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McKenney-Becker v. Safeguard Properties, LLC

United States District Court, N.D. Illinois, Eastern Division

January 13, 2015



AMY J. ST. EVE, District Judge.

Before the Court are two motions to dismiss. Defendants Safeguard Properties, LLC ("Safeguard") and ATC Real Estate Services, LLC ("ATC") filed their Motion to Dismiss Plaintiffs' Complaint pursuant to Federal Rule of Civil Procedure 12(b)(1) and 12(b)(6). ( See R.21, Defs. Safeguard and ATC's Motion to Dismiss.) Defendant Bank of America, N.A. ("Bank of America") filed its Motion to Dismiss Plaintiffs' Complaint pursuant to Federal Rule of Civil Procedure 12(b)(6) and requested abstention of the federal action. ( See R.19, Def. Bank of America's Motion to Dismiss.)[1] For the following reasons, the Court grants in part and denies in part Defendants Safeguard and ATC's Motion to Dismiss and grants in part and denies in part Defendant Bank of America's Motion to Dismiss. The Court also denies Bank of America's motion to dismiss on the basis of abstention under Colorado River.


Plaintiffs Ann M. McKenney-Becker ("Mrs. McKenney-Becker") and Fred Becker ("Mr. Becker") (collectively, the "Beckers" or "Plaintiffs") have filed an six-count complaint against Defendants Safeguard, ATC, and Bank of America (collectively, "all Defendants"). Specifically, Plaintiffs allege (1) violations of the Fair Debt Collection Practices Act (15 U.S.C. §1692f) against Safeguard and ATC (Count I); (2) violations of the Illinois Consumer Fraud and Deceptive Business Practices Act (815 ILCS 505/1 et seq. ) against all Defendants (Count II); (3) trespass against Safeguard and ATC (Counts III and IV); and (4) conversion against Safeguard and ATC (Counts V and VI). ( See generally R.1, Compl.)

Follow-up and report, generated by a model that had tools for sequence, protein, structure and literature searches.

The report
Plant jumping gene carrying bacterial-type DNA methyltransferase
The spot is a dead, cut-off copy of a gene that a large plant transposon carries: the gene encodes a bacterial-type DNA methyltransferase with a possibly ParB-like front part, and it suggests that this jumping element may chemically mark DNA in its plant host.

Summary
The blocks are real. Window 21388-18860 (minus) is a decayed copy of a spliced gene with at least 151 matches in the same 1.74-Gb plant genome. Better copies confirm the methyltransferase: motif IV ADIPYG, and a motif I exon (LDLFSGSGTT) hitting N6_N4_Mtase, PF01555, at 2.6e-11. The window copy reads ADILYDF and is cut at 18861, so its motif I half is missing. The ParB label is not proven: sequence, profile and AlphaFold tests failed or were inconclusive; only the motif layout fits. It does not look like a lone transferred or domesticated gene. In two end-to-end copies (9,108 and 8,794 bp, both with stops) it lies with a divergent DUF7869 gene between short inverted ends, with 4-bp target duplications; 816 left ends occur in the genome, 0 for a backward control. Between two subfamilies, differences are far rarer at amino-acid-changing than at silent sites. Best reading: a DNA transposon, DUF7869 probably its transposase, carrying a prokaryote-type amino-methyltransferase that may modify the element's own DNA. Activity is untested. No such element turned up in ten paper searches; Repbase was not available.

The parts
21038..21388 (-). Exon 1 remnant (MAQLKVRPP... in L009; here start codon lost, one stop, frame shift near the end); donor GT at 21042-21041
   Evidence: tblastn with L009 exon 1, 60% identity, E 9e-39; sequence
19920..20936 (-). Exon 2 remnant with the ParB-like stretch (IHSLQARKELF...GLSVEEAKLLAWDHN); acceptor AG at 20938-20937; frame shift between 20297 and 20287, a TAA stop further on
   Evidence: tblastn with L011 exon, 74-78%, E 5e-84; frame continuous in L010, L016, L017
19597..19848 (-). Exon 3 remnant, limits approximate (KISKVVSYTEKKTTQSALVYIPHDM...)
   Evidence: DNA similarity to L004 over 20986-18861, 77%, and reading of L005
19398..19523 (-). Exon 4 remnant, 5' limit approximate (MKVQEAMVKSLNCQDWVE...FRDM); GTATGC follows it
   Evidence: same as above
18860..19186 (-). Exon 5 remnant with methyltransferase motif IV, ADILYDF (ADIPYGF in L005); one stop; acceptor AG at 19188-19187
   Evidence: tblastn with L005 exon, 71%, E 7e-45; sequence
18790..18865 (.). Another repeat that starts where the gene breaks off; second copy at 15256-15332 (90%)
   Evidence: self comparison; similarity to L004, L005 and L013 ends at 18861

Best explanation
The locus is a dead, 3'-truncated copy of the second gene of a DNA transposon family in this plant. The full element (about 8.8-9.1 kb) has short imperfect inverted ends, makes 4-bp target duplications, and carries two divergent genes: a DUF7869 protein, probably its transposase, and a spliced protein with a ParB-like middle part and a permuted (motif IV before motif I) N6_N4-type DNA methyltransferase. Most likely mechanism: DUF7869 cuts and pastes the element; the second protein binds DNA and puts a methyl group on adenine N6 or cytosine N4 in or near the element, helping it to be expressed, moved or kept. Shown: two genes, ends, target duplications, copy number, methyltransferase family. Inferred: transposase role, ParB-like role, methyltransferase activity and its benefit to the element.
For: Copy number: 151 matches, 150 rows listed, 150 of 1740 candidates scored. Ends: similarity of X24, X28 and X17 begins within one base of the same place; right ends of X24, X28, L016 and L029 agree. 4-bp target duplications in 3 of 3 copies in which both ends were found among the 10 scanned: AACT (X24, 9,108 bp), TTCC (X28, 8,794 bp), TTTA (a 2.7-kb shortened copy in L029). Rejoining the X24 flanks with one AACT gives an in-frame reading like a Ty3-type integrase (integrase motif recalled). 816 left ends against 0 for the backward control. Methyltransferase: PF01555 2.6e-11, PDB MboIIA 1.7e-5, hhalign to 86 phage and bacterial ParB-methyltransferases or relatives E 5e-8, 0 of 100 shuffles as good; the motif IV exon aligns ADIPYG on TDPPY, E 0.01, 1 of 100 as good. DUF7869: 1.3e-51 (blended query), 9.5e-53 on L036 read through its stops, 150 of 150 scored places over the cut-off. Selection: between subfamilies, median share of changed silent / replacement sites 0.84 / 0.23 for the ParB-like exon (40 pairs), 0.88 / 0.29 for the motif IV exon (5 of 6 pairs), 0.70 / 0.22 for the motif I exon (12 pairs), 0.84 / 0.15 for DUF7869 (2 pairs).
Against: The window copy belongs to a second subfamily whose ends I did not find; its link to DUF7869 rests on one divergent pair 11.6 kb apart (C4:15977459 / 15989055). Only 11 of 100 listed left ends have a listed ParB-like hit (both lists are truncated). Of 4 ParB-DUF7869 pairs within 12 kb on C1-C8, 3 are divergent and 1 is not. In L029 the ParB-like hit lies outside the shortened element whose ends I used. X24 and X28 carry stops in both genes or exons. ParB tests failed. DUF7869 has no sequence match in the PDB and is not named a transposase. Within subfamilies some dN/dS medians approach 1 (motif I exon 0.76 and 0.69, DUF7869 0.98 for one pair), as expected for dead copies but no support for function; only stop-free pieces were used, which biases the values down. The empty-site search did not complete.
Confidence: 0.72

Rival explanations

I. The Parties

Plaintiffs are both natural persons and residents of McHenry County, Illinois. (R.1, ¶¶ 3, 4.)[2] Defendants Safeguard and ATC are each individual corporations that contract with mortgage lending and servicing institutions to, as a principal purpose, manage and preserve at-risk and foreclosed properties. (R.1, ¶¶ 5, 6.) Specifically, Safeguard and ATC determine the occupancy status of properties and secure vacant properties for lending and servicing institutions. (R.1, ¶ 8.) Defendant Bank of America is a National Bank, headquartered in North Carolina. (R.1, ¶ 7.)

II. The Property & Foreclosure Proceedings

Mrs. McKenney-Becker owns a personal residence located at 5713 Island Road in Chemung, McHenry County, Illinois (the "Property"). (R.1, ¶¶ 11, 12.) To finance the Property, Mrs. McKenney-Becker entered into a mortgage agreement with Bank of America, incurring a debt. (R.1, ¶ 12; R.19-2, Promissory Note between Ms. McKenney-Becker and Bank of America attached as Ex. 1 to R.19-1, Def. Bank of America's Motion to Dismiss; R.19-3, Mortgage for the Property, attached as Ex. 2 to R.19-1, Def. Bank of America's Motion to Dismiss.)[3] She made mortgage payments pursuant to the agreement until she incurred financial hardship and defaulted on her mortgage. (R.1, ¶ 13.) Bank of America subsequently filed a foreclosure lawsuit in the Circuit Court of the 22nd Judicial Circuit in McHenry, Illinois seeking deficiency judgment and possession of the Property ("State Court Foreclosure Action"). (R.1, ¶ 15.) As of June 2013, the Circuit Court had not entered any order allowing Defendants access to the Property. (R.1, ¶ 36.)